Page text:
‘The frigid and the torrid intertwined’
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‘The frigid and the torrid intertwined’

There are plenty of Italophile Englishmen to study, but, if you find yourself passionately craving information about the Arts and Crafts movement, historic-house museums or early twentieth-century men's moustaches (all of which are perfectly reasonable), you might very well turn to Herbert Percy Horne (1864-1916) to

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Thu 27 Sep 2012 12:00 AM

There
are plenty of Italophile Englishmen to study, but, if you find yourself
passionately craving information about the Arts and Crafts movement,
historic-house museums or early twentieth-century men’s moustaches (all of
which are perfectly reasonable), you might very well turn to Herbert Percy Horne (1864-1916) to help
satiate your interests. There’s something about the
Victorian-Modern-Renaissance man in Horne that invites a long view, a
relationship that continues to unfold with new discoveries and reassessment,
even now, almost 100 years after his death.

 

 

MUSEO HORNE

via de’ Benci 6, Florence

Monday
through Saturday, 9am to 1pm

Tel.
055/244661; www.museohorne.it

 

 

Horne’s
perfectly restored and decorated house, which became Florence’s first
historic-house museum, was the Palazzo Corsi. Now the Museo Horne, it has been
open to visitors since Horne’s death. In art history circles, Horne is, above
all, known for writing what has been considered the best English-language book
on an Italian painter (on Sandro Botticelli, published in 1908), but he also
wrote studies of Luca della Robbia, Alessio Baldovinetti and Andrea del
Castagno. Although this Londoner-turned-Florentine affected the city’s
landscape both physically and intellectually, his cultured and wide-ranging
interests led him, in the course of his short life, to make important
contributions through many other projects.

 

Not
surprisingly, Horne was and is still of interest to academics, who continue to
delve into his letters, diaries and work of art and history, and today the
physical manifestations of his design skills and artistic sensibilities are
spread far and wide. In addition to Museo Horne, examples of his wallpaper,
textile and furniture design collaborations are in the Victoria and Albert
Museum in London; his surprisingly frank letters written to the object of a
failed seduction are housed in the Warburg Institute Archives, also in London;
other letters are housed at Stanford University Library in California; and an
example of his illustration is in the collection of the Metropolitan Museum of
Art in New York. Indeed, if someone were to piece together examples of the
evidence of his brilliance into a large-format picture book, it would convey a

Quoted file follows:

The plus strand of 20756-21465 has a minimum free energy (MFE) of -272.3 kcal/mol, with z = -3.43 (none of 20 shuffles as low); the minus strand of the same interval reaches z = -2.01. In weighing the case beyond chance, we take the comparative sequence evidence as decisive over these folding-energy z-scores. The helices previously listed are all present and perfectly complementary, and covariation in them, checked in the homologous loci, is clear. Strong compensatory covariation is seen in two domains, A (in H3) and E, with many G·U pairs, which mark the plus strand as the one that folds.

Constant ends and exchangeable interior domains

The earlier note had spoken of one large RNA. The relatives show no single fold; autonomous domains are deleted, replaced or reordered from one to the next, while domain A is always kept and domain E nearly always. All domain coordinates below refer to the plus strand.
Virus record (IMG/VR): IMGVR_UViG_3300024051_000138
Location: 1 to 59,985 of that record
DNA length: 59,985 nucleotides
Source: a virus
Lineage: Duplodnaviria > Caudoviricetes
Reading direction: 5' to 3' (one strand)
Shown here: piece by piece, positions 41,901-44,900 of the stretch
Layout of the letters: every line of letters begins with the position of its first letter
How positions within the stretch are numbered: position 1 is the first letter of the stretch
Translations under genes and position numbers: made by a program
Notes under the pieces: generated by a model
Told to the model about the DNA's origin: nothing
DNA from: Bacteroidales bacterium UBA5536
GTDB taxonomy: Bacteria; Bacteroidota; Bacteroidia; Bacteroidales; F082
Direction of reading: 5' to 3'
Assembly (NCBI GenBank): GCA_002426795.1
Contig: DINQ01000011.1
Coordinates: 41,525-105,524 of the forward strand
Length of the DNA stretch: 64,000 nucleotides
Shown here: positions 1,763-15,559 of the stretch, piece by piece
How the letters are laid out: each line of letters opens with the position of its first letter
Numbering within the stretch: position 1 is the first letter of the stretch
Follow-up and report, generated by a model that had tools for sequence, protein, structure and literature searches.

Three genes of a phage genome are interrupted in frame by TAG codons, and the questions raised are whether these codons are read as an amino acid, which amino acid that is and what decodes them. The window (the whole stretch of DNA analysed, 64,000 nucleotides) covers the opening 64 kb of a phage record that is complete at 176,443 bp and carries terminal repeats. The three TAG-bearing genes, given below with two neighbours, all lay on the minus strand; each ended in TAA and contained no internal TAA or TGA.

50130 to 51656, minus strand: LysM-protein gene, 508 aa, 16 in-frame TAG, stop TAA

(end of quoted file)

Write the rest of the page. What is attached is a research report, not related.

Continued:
unique curatorial eye that blended Florentine and British sensibilities.

 

How
does one evaluate someone like Horne? Is it through his circle of illustrious
friends and colleagues? Maybe not: Horne had acrimonious relationships with his
cultural counterparts A.H. Mackmurdo, Roger Fry and Bernard Berenson. Through
the string of beautiful women Horne is reported always to have had on his arm?
Certainly not that either, though the fictions would be fun reading. Art
historian Caroline Elam’s suggestion that Horne’s life is traditionally
characterized as two distinct halves, one in London and the other in Florence,
with their respective products and relationships, does him no service, although
this division may have been designed by Horne himself, as he wrote in one
letter that he was ‘the frigid and the torrid intertwined.’

 

Horne
may have had limited means, but he certainly had unlimited talent. The
economics of how he made things happen (the inception and publication of the
Burlington Magazine, for example) would make for a fascinating study. He was
directly involved with endeavors that contributed to the creation of the field
and market for art history, and his own wide-ranging artistic interests and
work (music, typography, poetry, archival research, collecting and connoisseurship)
moved along a continuum from the private to the public and back again. Horne’s
failing health seems to have been the impetus for the transitional moments in
his life: his move to Italy (apparently after coughing up blood, a symptom of a
weak chest) and his later purchase, conservation and decoration of the Palazzo
Corsi. As he grew weaker, Horne needed a place to display the objects he had
been collecting and storing for years in his small apartments.

 

This
very last project, an intact fifteenth-century space that needed attention,
enabled Horne to present early Renaissance art history as he saw it: as a
whole, where furniture, paintings, sculpture and the decorative arts relate to
each other within a specific architectural space. This contextual approach is
now common curatorial practice, but a century ago it was innovative.

 

The
problem of the historic house and its collections is always about understanding
what was, what is, and what happened in between. In the case of Herbert Percy
Horne, peeling the layers of this man’s exceptional life makes for rewarding
work. 

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